The rate of children diagnosed by a doctor with mental health conditions has almost doubled over the past five years.
A suicide prevention advocate has slammed the results as bad science and says the definition of a "normal child" has narrowed too far.
However, child psychology experts say the increasing rate could be a symptom of a more anxiety-driven society and improvements in the diagnosis of youngsters.
About 25,000 children have been diagnosed with behavioural and emotional problems, with anxiety the fastest growing condition, according to the Ministry of Health's latest children's health report.
Anxiety, ADHD and depression are the three most common disorders in children, and boys are twice as likely to be diagnosed with mental health problems.
Casper chief executive Maria Bradshaw said she was horrified to hear of babies now being diagnosed as depressed.
She founded suicide prevention group Casper after her teenage son took his life just two weeks after being prescribed prozac for depression.
"It really worries me how narrow the definition of normal is becoming. We used to accept a wide range of behaviour from 2-year-olds and talked about the terrible-twos.
"Now a lack of concentration is a conduct disorder. Parents are scared their children are not going to function at school so they accept these labels."
The percentage of children with diagnosed mental health conditions jumped from 1.8 per cent to 3.2 per cent since 2007-08. Increasing numbers of children with anxiety, such as phobias, drove the increase, according to the Ministry of Health report.
More than 15,500 children are diagnosed with anxiety, up from 2800 children five years ago.
Bradshaw said a subjective test of preschoolers' mental health could be behind the rise. Four-year-olds have been undergoing the Ministry of Health's B4 School checks since 2008.
It rates children as normal, abnormal or borderline, and produces a score indicating whether a child is likely to have a significant problem.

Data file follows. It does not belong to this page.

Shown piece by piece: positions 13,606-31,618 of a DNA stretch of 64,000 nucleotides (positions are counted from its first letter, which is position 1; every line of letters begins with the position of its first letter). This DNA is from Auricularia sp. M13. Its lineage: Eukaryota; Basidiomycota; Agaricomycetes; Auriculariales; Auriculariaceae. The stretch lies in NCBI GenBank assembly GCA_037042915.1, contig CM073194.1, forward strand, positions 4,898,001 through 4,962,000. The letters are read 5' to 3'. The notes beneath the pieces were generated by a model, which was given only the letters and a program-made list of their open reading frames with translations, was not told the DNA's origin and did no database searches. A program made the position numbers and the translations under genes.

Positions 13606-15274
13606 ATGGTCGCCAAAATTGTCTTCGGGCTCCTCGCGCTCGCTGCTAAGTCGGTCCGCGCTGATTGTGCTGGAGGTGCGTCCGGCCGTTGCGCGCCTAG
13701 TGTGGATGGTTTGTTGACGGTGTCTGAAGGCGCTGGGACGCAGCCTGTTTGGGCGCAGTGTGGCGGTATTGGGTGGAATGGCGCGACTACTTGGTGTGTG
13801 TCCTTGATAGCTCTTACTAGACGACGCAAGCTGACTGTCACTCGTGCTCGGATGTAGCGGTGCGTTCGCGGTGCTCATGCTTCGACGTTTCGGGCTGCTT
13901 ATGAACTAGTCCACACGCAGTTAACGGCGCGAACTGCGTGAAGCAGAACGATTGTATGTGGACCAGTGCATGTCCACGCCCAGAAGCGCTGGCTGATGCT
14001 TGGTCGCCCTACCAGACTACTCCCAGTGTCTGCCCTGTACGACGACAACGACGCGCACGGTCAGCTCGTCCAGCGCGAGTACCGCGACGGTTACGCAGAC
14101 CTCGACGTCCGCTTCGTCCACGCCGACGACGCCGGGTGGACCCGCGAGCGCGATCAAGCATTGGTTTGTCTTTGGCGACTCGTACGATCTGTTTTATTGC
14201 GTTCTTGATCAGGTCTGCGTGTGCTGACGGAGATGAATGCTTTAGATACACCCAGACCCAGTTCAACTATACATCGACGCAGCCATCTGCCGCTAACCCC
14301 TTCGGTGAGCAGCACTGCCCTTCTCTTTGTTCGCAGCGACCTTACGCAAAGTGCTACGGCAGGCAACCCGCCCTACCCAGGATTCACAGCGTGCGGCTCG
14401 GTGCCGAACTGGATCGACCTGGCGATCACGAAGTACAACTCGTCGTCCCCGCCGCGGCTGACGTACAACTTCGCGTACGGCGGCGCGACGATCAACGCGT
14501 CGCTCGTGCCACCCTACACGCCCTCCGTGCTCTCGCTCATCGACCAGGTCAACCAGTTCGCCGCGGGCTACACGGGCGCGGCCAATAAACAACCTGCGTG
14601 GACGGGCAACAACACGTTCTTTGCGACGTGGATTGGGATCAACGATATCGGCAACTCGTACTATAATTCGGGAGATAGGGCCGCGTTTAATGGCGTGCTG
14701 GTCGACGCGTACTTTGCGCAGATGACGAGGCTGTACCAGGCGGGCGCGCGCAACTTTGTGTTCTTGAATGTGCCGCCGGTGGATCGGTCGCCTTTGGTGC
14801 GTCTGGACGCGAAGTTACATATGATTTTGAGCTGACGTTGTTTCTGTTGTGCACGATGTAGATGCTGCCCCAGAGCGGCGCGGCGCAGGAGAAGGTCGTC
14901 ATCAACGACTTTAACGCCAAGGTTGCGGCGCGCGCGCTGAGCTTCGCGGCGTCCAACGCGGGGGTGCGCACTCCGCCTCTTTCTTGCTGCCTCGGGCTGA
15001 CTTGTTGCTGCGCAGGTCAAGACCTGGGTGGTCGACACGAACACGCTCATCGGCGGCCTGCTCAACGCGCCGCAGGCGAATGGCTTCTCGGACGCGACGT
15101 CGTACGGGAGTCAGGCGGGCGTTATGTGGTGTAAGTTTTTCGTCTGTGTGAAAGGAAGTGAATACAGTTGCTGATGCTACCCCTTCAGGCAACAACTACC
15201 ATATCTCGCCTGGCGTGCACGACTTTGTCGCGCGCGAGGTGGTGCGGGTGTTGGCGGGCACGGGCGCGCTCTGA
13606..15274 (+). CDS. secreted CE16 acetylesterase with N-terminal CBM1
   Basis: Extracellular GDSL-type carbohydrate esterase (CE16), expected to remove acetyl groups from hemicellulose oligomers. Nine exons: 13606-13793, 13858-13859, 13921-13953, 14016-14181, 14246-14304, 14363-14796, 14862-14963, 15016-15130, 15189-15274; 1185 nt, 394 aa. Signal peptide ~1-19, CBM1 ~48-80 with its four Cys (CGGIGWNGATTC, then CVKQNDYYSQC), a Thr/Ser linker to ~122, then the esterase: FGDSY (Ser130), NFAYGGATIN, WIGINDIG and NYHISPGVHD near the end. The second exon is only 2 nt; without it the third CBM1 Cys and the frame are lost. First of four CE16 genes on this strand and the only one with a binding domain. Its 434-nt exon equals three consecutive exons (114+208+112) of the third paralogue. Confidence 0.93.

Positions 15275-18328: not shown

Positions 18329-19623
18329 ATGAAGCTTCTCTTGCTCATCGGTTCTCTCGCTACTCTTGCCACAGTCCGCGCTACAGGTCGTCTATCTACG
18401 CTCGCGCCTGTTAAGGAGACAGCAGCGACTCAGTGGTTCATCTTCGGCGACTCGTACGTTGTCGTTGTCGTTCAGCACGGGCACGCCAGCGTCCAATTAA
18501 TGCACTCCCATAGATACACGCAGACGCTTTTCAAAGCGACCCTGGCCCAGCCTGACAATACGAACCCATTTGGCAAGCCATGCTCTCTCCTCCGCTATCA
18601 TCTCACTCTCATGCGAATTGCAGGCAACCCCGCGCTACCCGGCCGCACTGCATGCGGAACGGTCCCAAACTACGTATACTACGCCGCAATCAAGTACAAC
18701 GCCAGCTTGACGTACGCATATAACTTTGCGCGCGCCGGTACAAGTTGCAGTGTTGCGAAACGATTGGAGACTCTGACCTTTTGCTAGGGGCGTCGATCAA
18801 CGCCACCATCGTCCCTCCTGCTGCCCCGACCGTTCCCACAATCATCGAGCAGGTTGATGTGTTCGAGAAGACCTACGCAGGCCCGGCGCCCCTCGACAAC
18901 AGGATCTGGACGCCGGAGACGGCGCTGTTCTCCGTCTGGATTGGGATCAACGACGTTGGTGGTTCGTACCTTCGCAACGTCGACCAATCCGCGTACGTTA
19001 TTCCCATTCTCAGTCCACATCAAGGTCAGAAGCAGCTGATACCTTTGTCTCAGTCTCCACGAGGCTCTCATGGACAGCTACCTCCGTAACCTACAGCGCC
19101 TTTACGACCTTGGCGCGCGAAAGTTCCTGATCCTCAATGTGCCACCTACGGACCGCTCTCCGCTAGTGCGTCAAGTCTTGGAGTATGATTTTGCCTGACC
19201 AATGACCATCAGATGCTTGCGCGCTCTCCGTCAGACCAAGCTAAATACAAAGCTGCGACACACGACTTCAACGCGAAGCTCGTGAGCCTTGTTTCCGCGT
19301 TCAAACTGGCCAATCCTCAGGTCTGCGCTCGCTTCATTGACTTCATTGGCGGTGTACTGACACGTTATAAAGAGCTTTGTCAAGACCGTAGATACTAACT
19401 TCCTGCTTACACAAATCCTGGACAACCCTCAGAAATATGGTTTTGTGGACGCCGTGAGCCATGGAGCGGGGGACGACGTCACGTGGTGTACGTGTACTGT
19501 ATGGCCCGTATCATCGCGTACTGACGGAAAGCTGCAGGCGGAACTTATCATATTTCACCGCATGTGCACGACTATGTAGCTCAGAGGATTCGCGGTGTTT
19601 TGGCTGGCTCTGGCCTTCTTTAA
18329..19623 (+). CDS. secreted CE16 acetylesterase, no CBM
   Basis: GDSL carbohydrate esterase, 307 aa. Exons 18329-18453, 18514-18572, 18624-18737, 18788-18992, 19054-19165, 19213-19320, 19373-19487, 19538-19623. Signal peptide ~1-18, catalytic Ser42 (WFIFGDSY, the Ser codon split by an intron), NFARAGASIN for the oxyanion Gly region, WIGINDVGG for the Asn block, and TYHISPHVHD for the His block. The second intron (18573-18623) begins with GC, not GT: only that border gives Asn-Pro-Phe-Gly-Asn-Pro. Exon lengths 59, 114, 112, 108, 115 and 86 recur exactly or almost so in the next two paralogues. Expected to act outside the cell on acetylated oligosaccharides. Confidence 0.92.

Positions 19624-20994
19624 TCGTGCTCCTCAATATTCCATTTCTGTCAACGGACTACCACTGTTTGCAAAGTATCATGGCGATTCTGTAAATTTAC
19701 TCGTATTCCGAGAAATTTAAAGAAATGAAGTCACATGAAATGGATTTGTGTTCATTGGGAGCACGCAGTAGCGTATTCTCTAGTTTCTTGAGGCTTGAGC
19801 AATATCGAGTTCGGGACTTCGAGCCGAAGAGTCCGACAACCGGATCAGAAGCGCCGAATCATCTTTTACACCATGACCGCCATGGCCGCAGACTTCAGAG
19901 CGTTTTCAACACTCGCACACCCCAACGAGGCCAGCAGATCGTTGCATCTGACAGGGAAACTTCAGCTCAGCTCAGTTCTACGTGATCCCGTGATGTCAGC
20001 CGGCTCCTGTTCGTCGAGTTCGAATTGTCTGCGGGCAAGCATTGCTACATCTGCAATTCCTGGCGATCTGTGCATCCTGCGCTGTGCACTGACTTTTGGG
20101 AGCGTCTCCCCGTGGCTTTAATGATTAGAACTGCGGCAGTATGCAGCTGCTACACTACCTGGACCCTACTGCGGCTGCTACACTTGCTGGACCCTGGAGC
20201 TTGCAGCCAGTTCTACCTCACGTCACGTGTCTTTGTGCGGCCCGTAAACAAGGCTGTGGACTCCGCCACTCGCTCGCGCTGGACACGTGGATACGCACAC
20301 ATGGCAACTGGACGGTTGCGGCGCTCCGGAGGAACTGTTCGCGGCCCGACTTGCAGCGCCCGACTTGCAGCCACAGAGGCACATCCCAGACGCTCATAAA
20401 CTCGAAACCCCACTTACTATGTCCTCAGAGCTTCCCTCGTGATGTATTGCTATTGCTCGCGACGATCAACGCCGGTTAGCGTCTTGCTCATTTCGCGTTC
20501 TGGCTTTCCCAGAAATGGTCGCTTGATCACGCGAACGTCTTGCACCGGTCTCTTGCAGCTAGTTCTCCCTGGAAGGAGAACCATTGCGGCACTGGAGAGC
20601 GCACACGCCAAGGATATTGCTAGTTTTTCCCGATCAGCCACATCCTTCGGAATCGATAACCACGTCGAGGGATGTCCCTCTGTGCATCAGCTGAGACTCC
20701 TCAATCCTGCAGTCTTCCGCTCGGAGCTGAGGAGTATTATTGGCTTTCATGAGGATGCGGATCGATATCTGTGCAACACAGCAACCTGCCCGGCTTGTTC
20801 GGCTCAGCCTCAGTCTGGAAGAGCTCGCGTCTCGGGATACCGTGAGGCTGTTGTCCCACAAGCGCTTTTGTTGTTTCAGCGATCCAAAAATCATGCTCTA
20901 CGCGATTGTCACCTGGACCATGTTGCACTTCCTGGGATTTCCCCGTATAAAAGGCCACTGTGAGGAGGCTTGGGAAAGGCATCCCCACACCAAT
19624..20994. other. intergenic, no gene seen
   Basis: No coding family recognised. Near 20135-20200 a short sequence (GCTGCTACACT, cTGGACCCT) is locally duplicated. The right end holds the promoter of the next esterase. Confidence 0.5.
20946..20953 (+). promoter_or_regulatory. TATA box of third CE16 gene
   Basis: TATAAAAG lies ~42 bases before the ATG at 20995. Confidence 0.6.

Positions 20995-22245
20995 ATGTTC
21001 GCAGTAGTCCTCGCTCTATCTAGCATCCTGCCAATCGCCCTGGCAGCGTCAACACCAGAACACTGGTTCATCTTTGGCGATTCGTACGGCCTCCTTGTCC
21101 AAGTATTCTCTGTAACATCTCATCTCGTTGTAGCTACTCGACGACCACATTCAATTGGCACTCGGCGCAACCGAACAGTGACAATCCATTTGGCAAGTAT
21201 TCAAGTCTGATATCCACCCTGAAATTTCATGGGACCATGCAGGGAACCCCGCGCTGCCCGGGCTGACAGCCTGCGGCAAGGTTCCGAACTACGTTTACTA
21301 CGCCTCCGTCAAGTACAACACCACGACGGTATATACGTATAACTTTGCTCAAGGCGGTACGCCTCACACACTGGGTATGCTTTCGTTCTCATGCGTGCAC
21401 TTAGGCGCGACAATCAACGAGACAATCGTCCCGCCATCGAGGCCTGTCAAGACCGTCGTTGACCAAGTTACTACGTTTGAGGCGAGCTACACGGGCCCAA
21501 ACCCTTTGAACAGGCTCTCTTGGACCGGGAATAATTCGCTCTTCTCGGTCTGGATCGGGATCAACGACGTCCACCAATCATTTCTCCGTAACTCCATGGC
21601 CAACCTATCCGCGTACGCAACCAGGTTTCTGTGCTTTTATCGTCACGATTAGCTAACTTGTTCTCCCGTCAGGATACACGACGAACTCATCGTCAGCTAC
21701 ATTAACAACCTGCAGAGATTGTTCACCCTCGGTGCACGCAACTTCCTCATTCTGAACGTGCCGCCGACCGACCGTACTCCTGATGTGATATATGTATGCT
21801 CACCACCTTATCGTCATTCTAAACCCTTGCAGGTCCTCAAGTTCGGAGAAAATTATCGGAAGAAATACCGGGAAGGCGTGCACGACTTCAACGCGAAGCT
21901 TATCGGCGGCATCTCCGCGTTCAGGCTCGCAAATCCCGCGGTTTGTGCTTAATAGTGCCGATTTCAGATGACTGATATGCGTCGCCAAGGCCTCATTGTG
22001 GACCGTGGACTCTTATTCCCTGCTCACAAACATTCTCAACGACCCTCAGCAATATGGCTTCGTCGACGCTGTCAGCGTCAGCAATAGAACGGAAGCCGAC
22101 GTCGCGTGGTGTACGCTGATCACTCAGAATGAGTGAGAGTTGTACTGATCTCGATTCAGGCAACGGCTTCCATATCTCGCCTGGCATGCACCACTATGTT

"It's a checklist of moods and feelings. These are not medical things. It's not like working out if your child has diabetes or not. That's science, but this is not."
There was a public outcry last year when Pharmac figures showed an average 10 per cent increase in mood-stabilising drug prescriptions for children aged 5 and over in the past five years.
There was also a 140 per cent increase in antidepressant prescriptions for up to 4-year-olds between 2009 and 2010.
Canterbury University associate professor Kathleen Liberty said New Zealand is not alone in experiencing rising rates of mental health conditions in children.
"Symptoms of anxiety and depression seem to be increasing in children in many developed countries."
This could be caused by a whole range of factors, including the effects of the Christchurch earthquakes on children, increasing violence in media, homes and communities, and the economic downturn.
"In difficult economic times, children's emotional problems can increase and this can be related to the stress in the family, such as unemployment."
The content of children's television has also become more violent and there is more reported bullying in schools, all of which can increase anxiety, she said.
It was important to diagnose children suffering from mental health conditions, she said.
"It is better to understand that the children might be worried about something rather than the child simply being naughty.
"It helps the parent have more understanding about possible sources of the child's behaviour."
Another expert on child psychology said the Ministry of Health figures have underestimated the rate of mental health problems in children.
Waikato University psychology senior lecturer Dr Carrie Barber said the rates of anxiety disorders in children alone would be 20 per cent higher.
This is because the survey does not take into account children with behavioural or emotional conditions who have not been assessed by experts.
The Ministry of Health survey asked about 12,000 adults whether their child had been diagnosed by a doctor with a mental health condition.
Barber said parents are recognising and seeking treatment more often for mental health disorders, which could be partly behind the rising rate.
"Sometimes those increases have much more to do with awareness and accessibility than increasing rates."
Whether a child was treated depends on how much the condition interfered with the child's life, she said.
A more serious anxiety disorder, if left untreated, could potentially develop into panic attacks by teenage years and lead to a person withdrawing from society, she said.
- © Fairfax NZ News
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